Kelly Clark, the chief executive of Group M for Europe, the Middle East and Africa, says: "A lot of the best and brightest in ad agencies have left to launch their own agencies or to join start-ups. Launching a media business is more difficult in some ways and can require significantly more capital. This has meant that some talented entrepreneurs have risen to important leadership roles in big media agencies, with the consequent rewards."

"There is a lot of homegrown talent inside the best media agencies and this shows in the consistent performance of some of those businesses year after year," he adds.

Underlying this is the fact that media is a young industry, and has been growing consistently over the past couple of decades. Neither is there the same need to find a wizard who will reinvent an agency brand to distinguish it from the pack. Media is more about scale and volume than the less tangible positioning of creative agencies. Chief executives need to run a steady ship, ideally for a reliably long tenure.

This pattern has led to an emphasis on identifying and investing in future senior managers.

At MindShare, Clark can point to the appointment of his replacement as chief executive of MindShare UK, Jed Glanvill. Glanvill joined MindShare in 2000 to head its digital and futures divisions, moving to managing director in 2004. On his promotion to chief executive at the end of last year, Glanvill's insider status was seen as a definite plus. Nigel Sharrocks, the chief executive of Aegis Media UK & Ireland, attributes the stability in media to the more consolidated make-up of the business. "There are relatively few big media agencies, so few big jobs come up," he says.

Sharrocks, though himself an appointment from outside, believes in the importance of bringing on leaders. He indicates the recent internal promotion of Neil Jones to managing director of Carat UK, a move seen as a sensible, steadying appointment.

However, Colin Gottlieb, the chief executive of the Omnicom Media Group across Europe, believes the days of this golden era are numbered.

"Media companies will go through similar growing pains to those the creative agencies are faced with today," he says. "The challenge for the media fraternity is where will media go and how this fits within larger groups. Ironically, it is an exciting time to be a creative agency head because they need to reinvent themselves. The climate change in media is unstoppable."

TWO YEARS IN ADLAND: 15 NEW CHIEF EXECUTIVES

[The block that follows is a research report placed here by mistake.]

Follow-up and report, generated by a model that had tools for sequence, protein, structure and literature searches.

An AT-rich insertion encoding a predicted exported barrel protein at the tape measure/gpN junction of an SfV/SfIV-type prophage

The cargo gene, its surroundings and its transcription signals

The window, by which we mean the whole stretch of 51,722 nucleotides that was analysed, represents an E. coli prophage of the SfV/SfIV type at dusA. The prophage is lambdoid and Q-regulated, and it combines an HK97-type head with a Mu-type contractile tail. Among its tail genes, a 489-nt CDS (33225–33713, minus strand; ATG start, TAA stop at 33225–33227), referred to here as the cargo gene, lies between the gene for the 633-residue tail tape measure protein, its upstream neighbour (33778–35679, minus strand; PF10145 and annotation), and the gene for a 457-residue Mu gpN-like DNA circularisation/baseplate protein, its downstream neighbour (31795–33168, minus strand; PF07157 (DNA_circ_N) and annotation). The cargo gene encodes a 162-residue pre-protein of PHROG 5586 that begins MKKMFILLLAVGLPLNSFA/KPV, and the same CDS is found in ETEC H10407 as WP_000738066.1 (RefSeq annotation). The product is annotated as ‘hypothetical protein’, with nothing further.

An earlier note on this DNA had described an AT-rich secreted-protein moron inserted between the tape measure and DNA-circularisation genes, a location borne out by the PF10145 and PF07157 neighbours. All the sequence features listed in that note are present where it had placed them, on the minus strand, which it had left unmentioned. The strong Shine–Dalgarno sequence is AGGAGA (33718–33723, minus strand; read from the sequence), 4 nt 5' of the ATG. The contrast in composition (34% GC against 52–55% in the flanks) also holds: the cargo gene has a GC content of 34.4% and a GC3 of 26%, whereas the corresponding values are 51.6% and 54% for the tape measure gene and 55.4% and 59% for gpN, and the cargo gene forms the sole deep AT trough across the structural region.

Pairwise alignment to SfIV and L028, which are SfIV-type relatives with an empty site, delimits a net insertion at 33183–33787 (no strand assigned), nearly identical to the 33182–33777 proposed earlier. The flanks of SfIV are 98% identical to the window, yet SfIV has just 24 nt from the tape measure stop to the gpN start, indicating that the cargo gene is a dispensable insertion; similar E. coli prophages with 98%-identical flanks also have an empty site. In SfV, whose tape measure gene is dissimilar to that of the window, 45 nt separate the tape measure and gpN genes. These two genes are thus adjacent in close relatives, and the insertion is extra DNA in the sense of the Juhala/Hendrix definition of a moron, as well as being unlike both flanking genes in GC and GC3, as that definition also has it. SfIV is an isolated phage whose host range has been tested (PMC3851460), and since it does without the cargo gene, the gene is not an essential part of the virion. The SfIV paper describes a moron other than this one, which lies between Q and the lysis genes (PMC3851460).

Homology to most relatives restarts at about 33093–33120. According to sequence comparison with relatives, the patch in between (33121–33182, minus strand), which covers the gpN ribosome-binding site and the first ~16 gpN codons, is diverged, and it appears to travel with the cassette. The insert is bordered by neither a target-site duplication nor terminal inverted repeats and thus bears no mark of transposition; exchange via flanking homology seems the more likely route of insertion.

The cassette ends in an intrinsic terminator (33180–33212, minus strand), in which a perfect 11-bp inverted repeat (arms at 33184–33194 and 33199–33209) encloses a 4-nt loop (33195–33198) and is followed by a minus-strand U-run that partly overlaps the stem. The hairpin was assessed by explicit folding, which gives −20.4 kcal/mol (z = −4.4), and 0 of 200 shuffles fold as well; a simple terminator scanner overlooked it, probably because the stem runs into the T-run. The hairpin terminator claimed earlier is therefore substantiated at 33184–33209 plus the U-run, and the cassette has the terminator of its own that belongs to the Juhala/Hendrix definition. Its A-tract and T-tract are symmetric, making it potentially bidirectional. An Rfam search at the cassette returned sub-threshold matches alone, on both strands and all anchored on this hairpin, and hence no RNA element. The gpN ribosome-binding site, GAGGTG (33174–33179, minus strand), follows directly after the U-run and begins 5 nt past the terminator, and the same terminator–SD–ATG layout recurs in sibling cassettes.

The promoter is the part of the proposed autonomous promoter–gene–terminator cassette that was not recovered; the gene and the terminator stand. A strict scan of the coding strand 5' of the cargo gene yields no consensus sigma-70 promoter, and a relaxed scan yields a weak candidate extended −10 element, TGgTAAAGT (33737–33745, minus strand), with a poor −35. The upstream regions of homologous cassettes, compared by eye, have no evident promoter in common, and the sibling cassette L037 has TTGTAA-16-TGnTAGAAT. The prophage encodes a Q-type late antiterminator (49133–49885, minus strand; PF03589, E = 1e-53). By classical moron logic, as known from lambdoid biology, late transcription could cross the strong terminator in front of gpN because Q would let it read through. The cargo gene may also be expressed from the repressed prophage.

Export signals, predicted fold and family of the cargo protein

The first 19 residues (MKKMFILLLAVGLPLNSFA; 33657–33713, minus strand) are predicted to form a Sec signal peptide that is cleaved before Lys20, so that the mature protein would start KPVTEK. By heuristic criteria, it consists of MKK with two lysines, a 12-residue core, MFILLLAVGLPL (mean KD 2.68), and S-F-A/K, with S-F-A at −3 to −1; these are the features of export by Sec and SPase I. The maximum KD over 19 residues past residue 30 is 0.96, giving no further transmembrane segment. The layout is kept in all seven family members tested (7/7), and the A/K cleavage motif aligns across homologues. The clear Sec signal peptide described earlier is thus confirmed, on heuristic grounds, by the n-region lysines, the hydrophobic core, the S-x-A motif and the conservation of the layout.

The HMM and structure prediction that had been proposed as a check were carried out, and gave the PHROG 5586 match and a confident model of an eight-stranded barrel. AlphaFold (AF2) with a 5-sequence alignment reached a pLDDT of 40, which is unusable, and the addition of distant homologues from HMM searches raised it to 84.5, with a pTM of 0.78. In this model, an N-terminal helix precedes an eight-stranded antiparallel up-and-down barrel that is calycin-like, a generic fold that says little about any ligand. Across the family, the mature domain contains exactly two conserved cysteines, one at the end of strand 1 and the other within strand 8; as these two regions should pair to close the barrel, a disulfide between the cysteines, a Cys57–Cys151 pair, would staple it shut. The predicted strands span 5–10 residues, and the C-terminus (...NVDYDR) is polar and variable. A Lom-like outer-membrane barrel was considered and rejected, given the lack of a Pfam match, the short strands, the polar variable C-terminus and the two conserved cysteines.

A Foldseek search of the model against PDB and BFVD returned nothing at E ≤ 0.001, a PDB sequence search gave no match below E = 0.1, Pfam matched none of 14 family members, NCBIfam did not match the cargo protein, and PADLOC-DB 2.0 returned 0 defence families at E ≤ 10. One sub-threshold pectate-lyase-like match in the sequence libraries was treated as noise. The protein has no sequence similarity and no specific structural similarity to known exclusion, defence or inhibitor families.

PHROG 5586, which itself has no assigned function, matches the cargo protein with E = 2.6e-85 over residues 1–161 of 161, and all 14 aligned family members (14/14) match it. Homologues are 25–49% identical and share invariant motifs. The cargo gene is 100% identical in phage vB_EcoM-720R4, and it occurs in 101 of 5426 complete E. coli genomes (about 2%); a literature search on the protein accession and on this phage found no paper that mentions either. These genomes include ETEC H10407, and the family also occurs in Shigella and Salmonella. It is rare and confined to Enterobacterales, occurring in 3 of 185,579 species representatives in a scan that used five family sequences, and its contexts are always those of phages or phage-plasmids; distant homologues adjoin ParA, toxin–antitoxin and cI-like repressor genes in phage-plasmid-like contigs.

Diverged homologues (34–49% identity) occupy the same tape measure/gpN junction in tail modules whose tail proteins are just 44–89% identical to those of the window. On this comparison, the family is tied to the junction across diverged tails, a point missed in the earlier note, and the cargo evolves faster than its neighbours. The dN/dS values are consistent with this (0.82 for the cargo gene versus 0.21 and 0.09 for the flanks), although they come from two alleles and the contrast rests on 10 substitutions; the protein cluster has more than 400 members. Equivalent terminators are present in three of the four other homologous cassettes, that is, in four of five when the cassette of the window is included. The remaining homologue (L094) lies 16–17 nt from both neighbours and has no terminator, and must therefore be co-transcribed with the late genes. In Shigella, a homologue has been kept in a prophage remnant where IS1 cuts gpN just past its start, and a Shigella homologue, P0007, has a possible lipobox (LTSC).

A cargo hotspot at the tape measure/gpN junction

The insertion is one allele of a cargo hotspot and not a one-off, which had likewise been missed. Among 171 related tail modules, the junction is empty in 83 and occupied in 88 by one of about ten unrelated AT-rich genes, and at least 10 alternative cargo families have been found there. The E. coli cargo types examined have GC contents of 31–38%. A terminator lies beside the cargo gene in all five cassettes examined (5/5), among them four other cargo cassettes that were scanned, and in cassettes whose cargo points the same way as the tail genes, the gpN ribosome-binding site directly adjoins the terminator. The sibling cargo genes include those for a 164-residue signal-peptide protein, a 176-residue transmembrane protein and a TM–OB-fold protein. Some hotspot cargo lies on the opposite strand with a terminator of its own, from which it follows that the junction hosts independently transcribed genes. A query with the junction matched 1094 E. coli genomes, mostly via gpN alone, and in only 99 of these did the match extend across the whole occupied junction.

Paul Hammersley had to wrestle with his conscience before deciding to leave DDB after less than two years in the top job to join Sir Frank Lowe's The Red Brick Road. While most felt he'd done a great job turning the agency around, all agreed he left plenty still to be done. Hammersley joined in February 2004, replacing Chris Cowpe, who moved to the role of vice-chairman.

Mark Cadman (pictured) surprised the business by spurning The Red Brick Road for the chief executive's job at Euro RSCG London in February 2006, filling a six-month gap without a leader created when Ben Langdon departed following David Jones' appointment as the network's chief executive.

Oops, he did it again! Lowe London is without a chief executive after Garry Lace eventually left in May 2006 after an investigation into allegations that he had had dealings with Sir Frank Lowe. Brimming with his trademark brio, he reacted to the news of his suspension in March with lunch at The Ivy, but has yet to surface in a new role. He had joined the agency in January 2005 as a replacement for Matthew Bull, who moved to the role of chairman.

Tamara Ingram stepped into the breach at Grey London in May 2005 when she was parachuted in from the WPP research division Added Value to fill the gap left by Garry Lace's exit in March 2004. Lace, who joined the agency in 2002, spent 16 months in charge before the infamous e-mail scandal precipitated his departure.

Jim Kelly and Robert Campbell were reunited in January this year as the joint managing partners at the newly renamed United London, their commitment assured by contracts that saw them each pay £8,025 to secure a 12 per cent stake in the business. The pair replaced Nick Howarth (pictured), who left in September last year to become the group chief executive at Clemmow Hornby Inge, and Jonathan Burley, who later joined Leo Burnett. Howarth had been in the top job for just six months: in March 2005, he was promoted after Lee Daley, HHCL's worldwide chief executive, left at the end of 2004.

JWT chose a relative unknown (in the UK at least) when it picked Alison Burns, the former head of Fallon New York, as its London chief executive in February 2006. She's maintained a fairly low profile since, as befits a JWT London head. Burns replaced the equally reserved Simon Bolton, who moved in December 2005 to take the top job at WPP's branding business Enterprise IG.

The chief executive's role at Ogilvy & Mather was vacated in February 2006, when Paul Jackson (pictured) was moved to become the managing director of client services on the network's global American Express business. Jackson had failed to give the London office the new business and creative boost it needed and Gary Leih, the Ogilvy Group UK chief executive and chairman, is now looking to bolster the agency's senior management - although he may not hire a direct replacement.